By: Karen Dennis

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Several years ago I was a busy Registered childminder. I once looked after a 2 year old girl named Michelle, she was a pretty little thing, with bright blue eyes and silky blonde hair.

I first met Michelle, when she accompanied her mother, on a visit to my house, to enquire about me taking care of her, while her parents were at work. During that initial interview, Michelle sat quietly playing with some dolls, while I spoke to her mother. I explained how I ran my business, that is, my fees, what we did on a typical day ( not that any two days were ever the same!) and so on. I have written on a day in the life of a childminder in a blog . I completed a contract, stating my fees, the days and times that Michelle would be coming to my setting. We also discussed  things like behavior management, meal times, allergies and time off due to sickness and holidays, Michelle’s mum said immediately that she wanted a full time place for her daughter to start in 2 weeks time, I therefore took a small deposit, which she willingly paid and we both signed the contract and had a copy each to keep. I had also shown this parent all of my policies and explained about my accident/incident book, where any accidents, like bumped heads or grazed knees, were recorded and signed by both myself and the child’s parent, I would also record any existing injuries a child may have, as a way of protecting myself, as I worked alone, I was open to allegations.

The next time I saw Michelle was 2 weeks later on her first day with me, her mum dropped her off with a bag containing a spare outfit of clothes, in case of accidents and a packed lunch. Michelle happily kissed her mummy goodbye and went into my playroom, to join two children who were  already playing.

I soon discovered that Michelle had a love of books, as she chose two and asked me to read to her, the books she wanted were about a brother and sister, Alfie and Annie Rose , by Shirley Hughes, who along with Julia Donaldson are my favorite children’s authors. We sat together on my sofa and while I read her the stories, the little girl cuddled up to me, feeling relaxed and at home. As it was a warm pleasant day we went to the local park after eating lunch, Michelle sat on the grass next to a climbing frame which was surrounded with wood chippings, providing a safe landing for any child who may fall. Michelle squealed with delight as she grabbed a handful of chippings and threw them into the air, she giggled infectiously as they landed in her hair. I cleaned her hands with a baby wipe and we sat together to enjoy an ice cream.

The following week I took the children to a toddler group. Michelle asked if she could do some painting, so after putting an apron on her, I gave her some paper and an assortment of paints. She took the black paint brush and painted her hand and arm up to her elbow, she seemed to be really enjoying herself, and told me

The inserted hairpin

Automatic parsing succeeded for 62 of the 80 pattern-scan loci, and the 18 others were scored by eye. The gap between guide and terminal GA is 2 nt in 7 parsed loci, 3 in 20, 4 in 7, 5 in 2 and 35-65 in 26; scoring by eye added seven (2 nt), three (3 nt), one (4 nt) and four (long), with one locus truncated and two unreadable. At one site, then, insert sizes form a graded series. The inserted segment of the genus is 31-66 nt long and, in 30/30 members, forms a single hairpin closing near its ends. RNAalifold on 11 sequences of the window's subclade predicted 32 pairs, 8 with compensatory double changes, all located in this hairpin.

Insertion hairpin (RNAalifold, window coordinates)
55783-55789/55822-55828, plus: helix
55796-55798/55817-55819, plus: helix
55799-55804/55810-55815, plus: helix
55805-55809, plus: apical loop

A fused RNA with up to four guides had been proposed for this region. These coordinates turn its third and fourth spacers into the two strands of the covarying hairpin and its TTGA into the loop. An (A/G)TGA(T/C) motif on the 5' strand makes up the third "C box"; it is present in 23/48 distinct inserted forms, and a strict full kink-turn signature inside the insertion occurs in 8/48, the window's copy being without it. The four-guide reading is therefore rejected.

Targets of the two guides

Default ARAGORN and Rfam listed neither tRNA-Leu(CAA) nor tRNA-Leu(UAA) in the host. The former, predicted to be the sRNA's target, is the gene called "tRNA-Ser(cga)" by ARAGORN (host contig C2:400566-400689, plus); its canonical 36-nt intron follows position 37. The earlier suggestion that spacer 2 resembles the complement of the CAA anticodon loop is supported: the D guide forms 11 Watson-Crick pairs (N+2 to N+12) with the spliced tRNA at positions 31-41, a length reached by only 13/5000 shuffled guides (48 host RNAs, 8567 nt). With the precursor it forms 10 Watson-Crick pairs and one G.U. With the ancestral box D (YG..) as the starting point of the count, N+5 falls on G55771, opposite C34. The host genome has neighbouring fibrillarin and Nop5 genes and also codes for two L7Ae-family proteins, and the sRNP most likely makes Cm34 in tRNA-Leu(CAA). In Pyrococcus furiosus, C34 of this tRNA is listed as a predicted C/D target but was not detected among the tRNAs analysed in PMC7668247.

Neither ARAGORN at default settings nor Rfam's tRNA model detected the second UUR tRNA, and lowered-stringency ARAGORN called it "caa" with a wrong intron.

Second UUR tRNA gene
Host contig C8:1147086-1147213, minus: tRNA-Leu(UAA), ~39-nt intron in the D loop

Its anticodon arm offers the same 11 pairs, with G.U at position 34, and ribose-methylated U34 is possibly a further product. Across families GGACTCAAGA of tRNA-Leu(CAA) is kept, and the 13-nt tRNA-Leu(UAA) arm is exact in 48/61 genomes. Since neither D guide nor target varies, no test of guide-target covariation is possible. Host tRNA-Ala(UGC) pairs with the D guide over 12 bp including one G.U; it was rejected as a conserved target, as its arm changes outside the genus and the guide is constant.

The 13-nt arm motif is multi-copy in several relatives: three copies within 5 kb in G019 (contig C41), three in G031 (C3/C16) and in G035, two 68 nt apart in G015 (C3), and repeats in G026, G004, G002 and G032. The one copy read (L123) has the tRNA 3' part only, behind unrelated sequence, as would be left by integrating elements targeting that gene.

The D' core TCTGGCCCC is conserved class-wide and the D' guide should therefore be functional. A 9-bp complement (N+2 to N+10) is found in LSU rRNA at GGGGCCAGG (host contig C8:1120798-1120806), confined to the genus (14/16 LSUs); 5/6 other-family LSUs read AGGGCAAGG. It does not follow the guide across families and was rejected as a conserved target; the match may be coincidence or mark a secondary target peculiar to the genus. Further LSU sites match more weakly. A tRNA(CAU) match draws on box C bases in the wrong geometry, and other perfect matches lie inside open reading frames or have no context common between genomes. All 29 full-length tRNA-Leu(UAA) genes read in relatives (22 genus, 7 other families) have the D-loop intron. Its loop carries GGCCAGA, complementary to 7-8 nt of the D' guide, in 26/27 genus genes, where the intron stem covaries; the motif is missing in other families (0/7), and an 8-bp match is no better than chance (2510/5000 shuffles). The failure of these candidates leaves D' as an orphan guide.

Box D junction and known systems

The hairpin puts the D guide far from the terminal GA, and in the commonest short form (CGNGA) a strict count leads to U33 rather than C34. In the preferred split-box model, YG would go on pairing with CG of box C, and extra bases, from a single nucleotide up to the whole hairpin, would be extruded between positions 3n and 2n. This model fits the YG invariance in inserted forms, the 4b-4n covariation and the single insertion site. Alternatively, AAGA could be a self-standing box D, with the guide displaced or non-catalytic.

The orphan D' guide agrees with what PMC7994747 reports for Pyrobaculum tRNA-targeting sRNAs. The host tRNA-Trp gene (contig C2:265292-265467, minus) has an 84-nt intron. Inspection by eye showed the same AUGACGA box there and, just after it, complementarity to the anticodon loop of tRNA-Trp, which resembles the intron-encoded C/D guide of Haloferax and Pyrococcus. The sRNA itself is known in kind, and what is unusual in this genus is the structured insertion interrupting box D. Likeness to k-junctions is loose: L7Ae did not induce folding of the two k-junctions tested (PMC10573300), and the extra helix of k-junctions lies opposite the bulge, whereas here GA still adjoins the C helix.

” Look at my very black messy hand,”

A week or so later, we were all having lunch together in my kitchen, Michelle was eating a yogurt, which was part of her packed lunch. Suddenly she let out a yell and pointed in horror at her dress,

“Oh no,” she said, struggling to hold back tears, ” It’s O.k.” I tried to reassure her,” I can soon wipe that off.”

” But mummy will be cross,” she sobbed, she was now getting distressed. I picked her up, wiped away her tears and told her, that I was sure her mummy wouldn’t worry about it, but she was still very upset, so I took off her stained dress and put a clean one from her bag on her, I explained that before her mother arrived, we would change her clothes back and after I had wiped off the yogurt, her parent wouldn’t know about it. Michelle gave a big sigh, hugged me lovingly and looked as though a weight had been lifted off her shoulders.

On another occasion, Michelle wet herself leaving a puddle on my bathroom floor, again, she became very distressed and screamed so loudly, that I thought my neighbors may be alarmed by what they heard! Again I tried my best to comfort her, saying that I could soon mop it up,.

” But mummy will be cross,” she stuttered between breathes, again I calmed Michelle by changing her into dry clothes and sorting out the soiled

Later after using the toilet Michelle was literally scrubbing her  hands clean, almost leaving them red and sore, when I questioned her about this, she told me, .” Mummy told me I have to do this to get rid of all the germs.”

I did, actually speak to Michelle’s mother about this ( out of her ear shot, so as not to alarm the little girl) her mum seemed surprised at what I told her, but thanked me for comforting her child.

Another time I took the children to a different toddler group, where they held a messy play session. One activity was for the children to flick runny paint from their paint brushes onto a sheet of paper which was stuck on an outside wall. At first Michelle joined in happily and seemed to be really enjoying herself, that was until a little blue paint landed on her head, she let out a piercing scream in sheer panic. The other children seemed to pick up on her fear and to my horror, I witnessed a boy say, ” Let’s get the clean kid!” I immediately removed Michelle from the situation and told her  I would brush the paint from her hair as soon as it was dry, again she relaxed and cheered up

I began to wonder, to myself, that evening, if Michelle’s mum had a problem with dirt and germs and what effect this was having on her daughter who was already becoming obsessed with cleanliness and decided to help, by letting her feel at ease, while she was in my home.

Michelle spent around 3 years with me, until leaving to start school. Sometimes I see her, with her mother, she is always immaculately,,  dressed and spotlessly clean, she often gives me a wave, as does her mother.